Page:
There are three main types of martingale;
i) a standing martingale which uses pressure on the nose of the horse to encourage the horse to lower their head when other methods have failed, it can also be used to protect the rider from a horse which throws it's head up and back. It is not as common as it once was and is now usually confined to polo and hunting as this martingale can't be used while jumping and has to be used with a cavesson or flash noseband. It is also independent of the rider's control while the horse is in work.
ii) a running martingale is the most common type of martingale which offers a rider extra control by preventing the horse from raising its head above the point where it can be controlled by keeping the pressure on the bars of the mouth, it also allows the rider to give the horse full freedom of its head if needs be. Popular for jumping and cross country especially on a strong, young and inexperienced horse, it can also be useful for inexperienced riders who do not have full control of their hand position to prevent them upsetting a horse.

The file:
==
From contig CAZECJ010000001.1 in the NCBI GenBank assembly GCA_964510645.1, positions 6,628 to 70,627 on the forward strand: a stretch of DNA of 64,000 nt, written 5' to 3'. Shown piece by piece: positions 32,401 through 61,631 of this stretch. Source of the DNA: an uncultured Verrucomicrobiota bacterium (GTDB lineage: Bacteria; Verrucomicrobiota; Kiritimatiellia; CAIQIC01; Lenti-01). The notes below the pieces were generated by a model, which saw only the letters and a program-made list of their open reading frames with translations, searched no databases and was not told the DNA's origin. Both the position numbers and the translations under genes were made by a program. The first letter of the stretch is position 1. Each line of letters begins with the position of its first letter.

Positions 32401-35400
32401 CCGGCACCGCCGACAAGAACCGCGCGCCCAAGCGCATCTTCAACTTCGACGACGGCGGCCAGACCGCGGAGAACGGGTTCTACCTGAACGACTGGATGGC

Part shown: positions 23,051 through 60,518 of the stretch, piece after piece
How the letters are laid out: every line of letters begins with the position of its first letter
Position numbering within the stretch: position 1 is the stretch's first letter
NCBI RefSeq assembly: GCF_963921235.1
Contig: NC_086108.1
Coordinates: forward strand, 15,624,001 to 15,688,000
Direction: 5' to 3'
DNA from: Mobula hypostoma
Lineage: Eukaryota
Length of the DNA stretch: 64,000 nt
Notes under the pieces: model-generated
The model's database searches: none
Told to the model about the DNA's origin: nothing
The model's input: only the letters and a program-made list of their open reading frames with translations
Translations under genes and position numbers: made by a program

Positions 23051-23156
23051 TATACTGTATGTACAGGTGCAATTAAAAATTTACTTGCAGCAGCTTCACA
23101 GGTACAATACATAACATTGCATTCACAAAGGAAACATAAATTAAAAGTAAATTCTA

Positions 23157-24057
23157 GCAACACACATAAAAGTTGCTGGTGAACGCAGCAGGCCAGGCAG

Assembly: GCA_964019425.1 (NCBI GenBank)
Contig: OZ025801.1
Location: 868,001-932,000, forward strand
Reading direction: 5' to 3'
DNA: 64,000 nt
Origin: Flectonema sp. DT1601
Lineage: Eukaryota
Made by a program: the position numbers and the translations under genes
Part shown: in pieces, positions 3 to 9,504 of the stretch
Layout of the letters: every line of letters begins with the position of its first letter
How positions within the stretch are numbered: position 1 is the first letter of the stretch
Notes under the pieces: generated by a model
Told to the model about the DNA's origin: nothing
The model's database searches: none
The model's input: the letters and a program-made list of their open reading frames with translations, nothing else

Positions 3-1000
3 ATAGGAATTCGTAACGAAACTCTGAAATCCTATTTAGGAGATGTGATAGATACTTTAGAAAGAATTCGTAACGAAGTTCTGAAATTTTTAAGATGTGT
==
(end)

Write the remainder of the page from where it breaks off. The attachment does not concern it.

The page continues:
iii) a bib martingale is a running martingale with the straps filled in forming a 'bib'. By having the straps connected this keeps the straps closer together and prevents a horse from grabbing the straps.
Martingales are not permitted for use in dressage competitions of in the dressage phase of eventing.
Breastplates and breast girths are useful in preventing the saddle sliding back while a horse is moving, there are two main types of breastplates 3-point and 5-point. A 3-point breastplate connects at the girth under the chest and to the d-rings of the saddle while a 5-point breastplate also connects at the girth straps, both of these allow a running martingale attachment to be used and are very popular with eventers.
Popular in horse racing and increasingly popular with eventers and show jumpers; a breast girth is an elasticated strap which connects from girth strap to girth strap around the front of the horse with a neck strap to hold it in place, a breast girth does not connect under the chest and it has no way to attach a martingale.
It is not uncommon for a breastplate and breast girth to be used in combination by eventers during cross country.